Fifty-one years ago, John Courtney Murray, whose scholarly work on the history and political theory of religious liberty shaped the Second Vatican Council’s 1965 Declaration on Religious Freedom, published We Hold These Truths: Catholic Reflections on the American Proposition — one of the best books ever written on what makes America America. In addition to limning the foundational truths that constituted the “proposition” on which the United States stood or fell, Murray (who borrowed the notion of an “American proposition” from Lincoln’s Gettysburg Address) also asked a searching question: Who holds these founding and constituting truths in modern America? Who will carry them into the future and work them into the texture of our institutions of self-governance?
The Jesuit theologian wasn’t terribly sanguine about the future carrying capacity of the mainline Protestant churches, which had borne the truths of the American proposition since colonial times. At a midcentury moment when the National Council of Churches held the same seemingly secure position in American society as the American Bar Association and the American Medical Association, Murray sensed the theological confusion that would, over the next few decades, reduce the mainline to the oldline and eventually to the sideline (as Richard John Neuhaus, channeling his inner Jesse Jackson, once put it). Nor did Murray repose much confidence in the American academy, then in thrall to utilitarianism, pragmatism, and the kind of technical reason extolled by JFK in his 1962 Yale commencement address. American academic life, Murray wrote, had long since bidden a quiet farewell to the idea that there are deep truths embedded in the world and in us, that we can know these truths through the arts of reason, and that, in knowing them, we can discover how to build free and virtuous societies.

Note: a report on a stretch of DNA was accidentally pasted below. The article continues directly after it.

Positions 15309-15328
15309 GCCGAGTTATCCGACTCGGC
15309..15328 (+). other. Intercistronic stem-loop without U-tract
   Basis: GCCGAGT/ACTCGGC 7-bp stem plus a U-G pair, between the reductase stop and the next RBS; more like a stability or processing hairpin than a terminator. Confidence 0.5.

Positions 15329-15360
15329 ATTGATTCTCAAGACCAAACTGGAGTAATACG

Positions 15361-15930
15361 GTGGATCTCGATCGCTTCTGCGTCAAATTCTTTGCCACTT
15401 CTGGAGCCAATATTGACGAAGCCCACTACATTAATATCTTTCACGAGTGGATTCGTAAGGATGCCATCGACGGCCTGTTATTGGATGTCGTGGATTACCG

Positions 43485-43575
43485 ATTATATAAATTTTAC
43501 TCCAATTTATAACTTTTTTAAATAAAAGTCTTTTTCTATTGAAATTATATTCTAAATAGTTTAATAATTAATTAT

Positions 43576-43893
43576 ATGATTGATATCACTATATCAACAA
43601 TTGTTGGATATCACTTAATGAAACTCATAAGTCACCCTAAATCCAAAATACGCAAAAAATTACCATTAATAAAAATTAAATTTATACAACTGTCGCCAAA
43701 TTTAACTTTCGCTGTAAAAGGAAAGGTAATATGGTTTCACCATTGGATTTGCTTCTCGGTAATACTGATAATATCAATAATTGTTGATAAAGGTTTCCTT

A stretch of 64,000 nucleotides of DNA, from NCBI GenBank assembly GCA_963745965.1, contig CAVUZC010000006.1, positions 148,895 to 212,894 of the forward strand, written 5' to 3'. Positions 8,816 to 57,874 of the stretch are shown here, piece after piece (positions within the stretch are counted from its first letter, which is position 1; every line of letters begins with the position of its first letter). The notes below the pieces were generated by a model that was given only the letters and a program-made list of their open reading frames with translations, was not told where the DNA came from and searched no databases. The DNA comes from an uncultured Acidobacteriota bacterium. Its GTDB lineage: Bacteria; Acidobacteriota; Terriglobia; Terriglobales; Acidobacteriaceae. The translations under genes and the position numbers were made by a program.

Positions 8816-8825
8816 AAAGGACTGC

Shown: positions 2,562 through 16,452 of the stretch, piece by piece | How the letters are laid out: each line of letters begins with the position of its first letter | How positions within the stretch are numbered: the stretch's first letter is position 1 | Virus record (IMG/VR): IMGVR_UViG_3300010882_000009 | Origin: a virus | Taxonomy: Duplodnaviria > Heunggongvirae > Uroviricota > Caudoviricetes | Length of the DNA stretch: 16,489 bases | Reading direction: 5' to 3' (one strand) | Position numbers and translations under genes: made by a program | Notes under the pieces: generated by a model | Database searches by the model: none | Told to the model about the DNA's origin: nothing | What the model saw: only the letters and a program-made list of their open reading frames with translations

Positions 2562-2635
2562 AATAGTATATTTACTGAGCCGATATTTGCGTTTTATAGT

So where, then? Where was the American community — intellectually sophisticated, willing and able to defend the truths of the American proposition, and with sufficient purchase throughout the multilayered texture of American society — that could carry the cultural torch once held up by the churches of the liberal Protestant mainline and the American academy? That was the question of the hour, Murray suggested, and his answer was a provocation. At a moment in American history when powerful forces were insisting that the United States was and must be a Protestant nation — and were doing so with a passion as great as that of any Falangist convinced of the essential Catholicity of Spain — Murray argued that it was the Catholic community, long suspected of divided loyalties, that could pick up the torch lit by the truths of the American proposition and carry those truths into the future, infusing all society with their glow.
Murray, I suggest, was entirely right about the incapacities of liberal Protestantism and the American academy to sustain and nurture the nation. In the second decade of the 21st century, the former is an irrelevant chaplaincy to Occupy Whatever. And since Murray’s day, too much of the latter has deteriorated into deeper and more toxic self-absorption, riding the slippery slope down from John Dewey’s pragmatism to the culturally corrosive post-modernism of Richard Rorty and the Modern Language Association.